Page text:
Decoration of the pillars is not arbitrary. There are marked differences between the animal species depicted inside each enclosure. It could well be that the dominant species are connected to certain groups, in the sense of emblematic, or totemic symbols related to their identities. Foxes are the animal most frequently depicted in Enclosure B. The images are close-ups of the depictions on the central pillars.

Decorations on the pillars are not limited to low reliefs. On Pillar 27 in Enclosure C the high relief of a snaling predator is preserved. Directly in front of it, a boar is depicted in side view in low relief. A hunting scene? Images from 2009.

Pillar 27 is not the only example indicating narrative meaning of Göbekli Tepe’s imagery. One striking example for this is Pillar 43 in Enclosure D. Photo from 2009.


Layer III is supraposed by layer II, dating to the early and middle PPNB. This layer is characterised by smaller, rectangular buildings. The number and the height of the pillars are also reduced. In most cases only the two central pillars remain, the biggest measuring around 1,5m. Layer II building with bench, pillar and stationary limestone vessel on the southeastern hilltop, 2012.

At Göbekli Tepe, the Neolithic quarry areas from which the workpieces for the enclosures originate are well known. They lie on the limestone plateau immediately adjacent to the site. The maximum distances that had to be covered were 600-700m. The largest standing pillars discovered so far have 5.5m and weigh around 10t. In the quarry areas however there is one example of a 7 m long pillar preserved.Photo from 2007.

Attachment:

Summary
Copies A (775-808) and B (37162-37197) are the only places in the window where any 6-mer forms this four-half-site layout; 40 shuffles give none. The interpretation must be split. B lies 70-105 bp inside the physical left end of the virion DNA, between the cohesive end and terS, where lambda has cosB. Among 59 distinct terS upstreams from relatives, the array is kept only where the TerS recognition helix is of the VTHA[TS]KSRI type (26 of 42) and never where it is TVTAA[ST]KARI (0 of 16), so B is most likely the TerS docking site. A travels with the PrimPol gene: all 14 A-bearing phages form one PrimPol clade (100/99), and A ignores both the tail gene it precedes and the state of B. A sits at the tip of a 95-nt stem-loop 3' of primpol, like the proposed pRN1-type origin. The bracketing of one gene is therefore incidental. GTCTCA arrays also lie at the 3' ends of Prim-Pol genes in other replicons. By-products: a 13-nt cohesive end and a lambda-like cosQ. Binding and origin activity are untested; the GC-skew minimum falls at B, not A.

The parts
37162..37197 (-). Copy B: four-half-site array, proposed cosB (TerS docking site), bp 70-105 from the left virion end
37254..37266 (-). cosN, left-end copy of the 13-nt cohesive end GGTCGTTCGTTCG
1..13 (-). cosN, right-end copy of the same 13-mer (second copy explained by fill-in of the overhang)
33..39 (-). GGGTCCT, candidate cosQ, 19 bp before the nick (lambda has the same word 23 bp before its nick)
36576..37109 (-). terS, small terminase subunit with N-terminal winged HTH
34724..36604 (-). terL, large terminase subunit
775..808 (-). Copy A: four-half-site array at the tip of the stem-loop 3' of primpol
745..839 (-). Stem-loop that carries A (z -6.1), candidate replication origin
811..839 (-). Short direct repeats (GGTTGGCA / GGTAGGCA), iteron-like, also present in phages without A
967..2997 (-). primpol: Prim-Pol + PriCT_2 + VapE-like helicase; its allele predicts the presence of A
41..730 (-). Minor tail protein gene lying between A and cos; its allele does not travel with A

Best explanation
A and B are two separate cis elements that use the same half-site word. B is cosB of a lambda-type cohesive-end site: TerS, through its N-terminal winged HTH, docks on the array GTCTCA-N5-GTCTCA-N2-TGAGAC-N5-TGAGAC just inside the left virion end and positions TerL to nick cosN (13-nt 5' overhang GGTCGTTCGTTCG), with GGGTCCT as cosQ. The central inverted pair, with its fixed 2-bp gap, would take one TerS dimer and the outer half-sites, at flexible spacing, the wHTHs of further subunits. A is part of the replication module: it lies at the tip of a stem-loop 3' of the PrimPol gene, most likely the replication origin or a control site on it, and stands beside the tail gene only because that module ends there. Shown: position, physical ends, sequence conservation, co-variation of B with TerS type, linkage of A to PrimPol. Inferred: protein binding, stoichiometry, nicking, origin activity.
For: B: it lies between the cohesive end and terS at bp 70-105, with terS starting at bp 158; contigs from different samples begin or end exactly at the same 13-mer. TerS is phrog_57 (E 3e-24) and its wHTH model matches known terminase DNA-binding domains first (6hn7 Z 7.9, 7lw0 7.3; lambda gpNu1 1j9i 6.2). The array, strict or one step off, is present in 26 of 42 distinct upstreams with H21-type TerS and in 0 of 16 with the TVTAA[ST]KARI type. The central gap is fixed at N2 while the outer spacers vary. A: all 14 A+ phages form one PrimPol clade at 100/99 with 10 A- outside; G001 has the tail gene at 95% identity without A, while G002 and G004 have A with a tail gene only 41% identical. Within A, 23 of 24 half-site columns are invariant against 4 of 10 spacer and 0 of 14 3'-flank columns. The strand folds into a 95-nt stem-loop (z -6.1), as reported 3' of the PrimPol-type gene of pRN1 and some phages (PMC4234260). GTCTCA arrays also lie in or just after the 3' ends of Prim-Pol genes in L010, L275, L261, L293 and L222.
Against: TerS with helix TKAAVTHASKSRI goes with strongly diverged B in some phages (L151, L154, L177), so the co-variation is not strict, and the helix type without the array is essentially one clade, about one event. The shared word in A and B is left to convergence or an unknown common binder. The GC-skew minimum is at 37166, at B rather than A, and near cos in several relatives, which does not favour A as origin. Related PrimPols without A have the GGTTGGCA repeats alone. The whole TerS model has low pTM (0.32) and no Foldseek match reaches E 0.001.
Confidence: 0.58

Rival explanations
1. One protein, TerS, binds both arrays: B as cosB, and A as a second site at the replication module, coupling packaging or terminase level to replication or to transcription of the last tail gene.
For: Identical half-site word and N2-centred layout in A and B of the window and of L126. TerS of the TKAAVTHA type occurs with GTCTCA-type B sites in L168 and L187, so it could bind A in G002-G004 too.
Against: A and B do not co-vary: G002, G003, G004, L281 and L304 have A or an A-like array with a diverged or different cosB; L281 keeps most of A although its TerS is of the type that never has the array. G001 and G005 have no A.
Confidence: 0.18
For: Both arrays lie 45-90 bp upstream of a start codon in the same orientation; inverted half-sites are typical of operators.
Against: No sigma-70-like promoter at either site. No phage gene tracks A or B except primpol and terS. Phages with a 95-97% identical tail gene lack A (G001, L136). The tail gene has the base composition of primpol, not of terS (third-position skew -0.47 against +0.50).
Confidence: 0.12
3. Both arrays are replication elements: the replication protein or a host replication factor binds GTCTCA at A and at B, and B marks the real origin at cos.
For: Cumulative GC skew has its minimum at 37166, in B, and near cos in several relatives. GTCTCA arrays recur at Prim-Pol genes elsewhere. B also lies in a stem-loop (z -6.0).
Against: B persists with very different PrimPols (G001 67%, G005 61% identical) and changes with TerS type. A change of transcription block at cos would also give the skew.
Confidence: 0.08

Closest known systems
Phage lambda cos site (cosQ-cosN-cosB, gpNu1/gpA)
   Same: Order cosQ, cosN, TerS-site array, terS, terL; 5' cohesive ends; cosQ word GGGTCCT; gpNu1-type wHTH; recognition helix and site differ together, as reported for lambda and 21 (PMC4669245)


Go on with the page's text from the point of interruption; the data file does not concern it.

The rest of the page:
To be continued…


The ‘Urfa Man’


So, this short post is about the ‘Urfa Man’. Let’s start with an answer to a very common question: no, he is not from Göbekli Tepe. He was found during construction work in the area of the Pre-Pottery Neolithic site at Urfa-Yeni Mahalle / Yeni Yol (Bucak & Schmidt 2003; Çelik 2011; Hauptmann 2003; Hauptmann & Schmidt 2007), broken in four nearly equal pieces.

The settlement was largely destroyed, but photos showing the construction work seem to reveal an interesting detail about the site: it featured a small T-shaped pillar (Çelik 2011, 142, Fig. 19), similar to those from Göbekli Tepe’s Layer II.  This speaks for a PPN B date, as does the archaeological material recovered (Çelik 2011).

The ‘Urfa man’ himself gives witness to the ability of early Neolithic people to sculpt the human body naturalistically. It is the oldest known statue of a man, slightly larger than life-size. In contrast to the cubic and faceless T-shaped pillars, the ‘Urfa man’ has a face, eyes originally emphasized by segments of black obsidian sunk into deep holes, and ears ; a mouth, however, is not depicted. The statue seems to be naked with the exception of a V-shaped necklace. Legs are not depicted; below the body there is only a conical plug, which allows the statue to be set into the ground. Both hands seem to grab his penis.